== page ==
If you have visited the Royal Palace in Bangkok before and you’ve seen Wat Khra Kaew with the Emerald Buddha – you will notice some similarities. That’s because Wat Phra Kaew was inspired by Wat Phra Si Sanphet in the historic city of Ayutthaya.
To me, it is the most beautiful of all Ayutthaya temples. Even ruined, the three pagodas are truly impressive.
A temple in Ayutthaya which is almost fully destroyed by today. However I recommend you to go there for one big reason: reclining Buddha. In Ayutthaya, Buddha statues are omnipresent but this one is especially interesting. 42 meters long statue is lying in the middle of nowhere. Almost nothing is left from the temple which makes the huge statue an unusual view. For me it is one of the best Ayutthaya attractions.
You can only imagine how impressive temple was here before.
Wat Chai Wattanaram
Wat Chai Wattanaram is an Ayutthaya must see. It is located outside of the main island. It used to be an impressive temple with 120 Buddha statues along the temple walls. Today almost all statues are headless.
It made my imagination go crazy.
I saw Burmese soldiers cutting the heads off, one by one. Smiling, enjoying the process.
Even though in reality many of the statues lost their heads later during long years of abandonment, here I was able to imagine the destruction process. A powerful image I will not forget.
If you visit the city on a bike and Wat Chai Wattanaram is a part of your Ayutthaya itinerary, be careful on your way. You will need to pass a crossroads with a three-lane road.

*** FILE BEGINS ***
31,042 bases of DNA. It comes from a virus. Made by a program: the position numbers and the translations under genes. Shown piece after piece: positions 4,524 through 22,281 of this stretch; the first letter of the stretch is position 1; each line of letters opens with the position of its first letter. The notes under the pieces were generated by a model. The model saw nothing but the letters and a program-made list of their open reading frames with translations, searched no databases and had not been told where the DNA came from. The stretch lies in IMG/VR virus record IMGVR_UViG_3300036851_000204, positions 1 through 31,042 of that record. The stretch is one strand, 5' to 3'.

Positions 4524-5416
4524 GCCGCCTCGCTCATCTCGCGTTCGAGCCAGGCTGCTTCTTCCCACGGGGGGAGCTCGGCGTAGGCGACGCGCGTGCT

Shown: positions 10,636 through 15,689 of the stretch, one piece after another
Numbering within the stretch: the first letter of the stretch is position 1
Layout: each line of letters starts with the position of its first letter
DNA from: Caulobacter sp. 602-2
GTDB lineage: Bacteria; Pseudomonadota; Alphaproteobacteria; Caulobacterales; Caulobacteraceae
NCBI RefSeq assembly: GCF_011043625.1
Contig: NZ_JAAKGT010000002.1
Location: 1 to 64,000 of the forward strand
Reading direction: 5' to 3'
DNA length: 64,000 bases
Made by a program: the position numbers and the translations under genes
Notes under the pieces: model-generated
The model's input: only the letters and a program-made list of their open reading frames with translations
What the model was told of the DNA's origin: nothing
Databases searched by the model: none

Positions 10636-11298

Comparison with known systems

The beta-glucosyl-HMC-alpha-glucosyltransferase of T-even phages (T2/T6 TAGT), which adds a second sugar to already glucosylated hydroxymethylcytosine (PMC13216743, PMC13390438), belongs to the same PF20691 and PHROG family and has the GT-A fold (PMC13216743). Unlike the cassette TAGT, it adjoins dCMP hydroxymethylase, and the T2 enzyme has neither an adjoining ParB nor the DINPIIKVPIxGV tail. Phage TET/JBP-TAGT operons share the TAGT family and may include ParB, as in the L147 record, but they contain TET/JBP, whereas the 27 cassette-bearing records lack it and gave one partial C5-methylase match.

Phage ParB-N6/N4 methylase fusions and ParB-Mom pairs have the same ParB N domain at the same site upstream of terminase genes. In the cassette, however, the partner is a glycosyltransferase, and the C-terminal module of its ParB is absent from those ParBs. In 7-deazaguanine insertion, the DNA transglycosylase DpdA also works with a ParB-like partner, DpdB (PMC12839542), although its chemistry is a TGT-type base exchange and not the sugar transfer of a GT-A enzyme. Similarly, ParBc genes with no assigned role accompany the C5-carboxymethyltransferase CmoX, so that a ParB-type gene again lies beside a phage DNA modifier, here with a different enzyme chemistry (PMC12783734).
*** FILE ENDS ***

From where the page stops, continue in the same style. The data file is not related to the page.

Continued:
Wat Yai Chai Mongkhon
One of Ayutthaya temples built in 14th century. It took part in many events in the city’s history. If you wonder what to see in Ayutthaya, include it and you will get an opportunity to climb one of the ancient pagodas.
Wat Phanan Choeng
It is the only Ayutthaya tourist attraction on this list which is not a ruin.
I was impressed by the reclining Buddha in Wat Pho in Bangkok – but I must say that the one sitting in Wat Phanan Choeng made me feel… intimidated.
A 19 meters statue from 14th century sits in a small room and dominates everything. Buddha’s face is serious and his gesture symbolizes “calling the Earth to witness” his enlightment. According to the story, he was fighting the temptations thrown at him by a bad ghost. It looks like he doesn’t want anyone disturbing and getting close to him.
For me, it is one of the most interesting places to visit in Ayutthaya. Out of all Buddhas I’ve seen during the two months in Thailand, this one is the most memorable.
Night market Bang Lan in Ayutthaya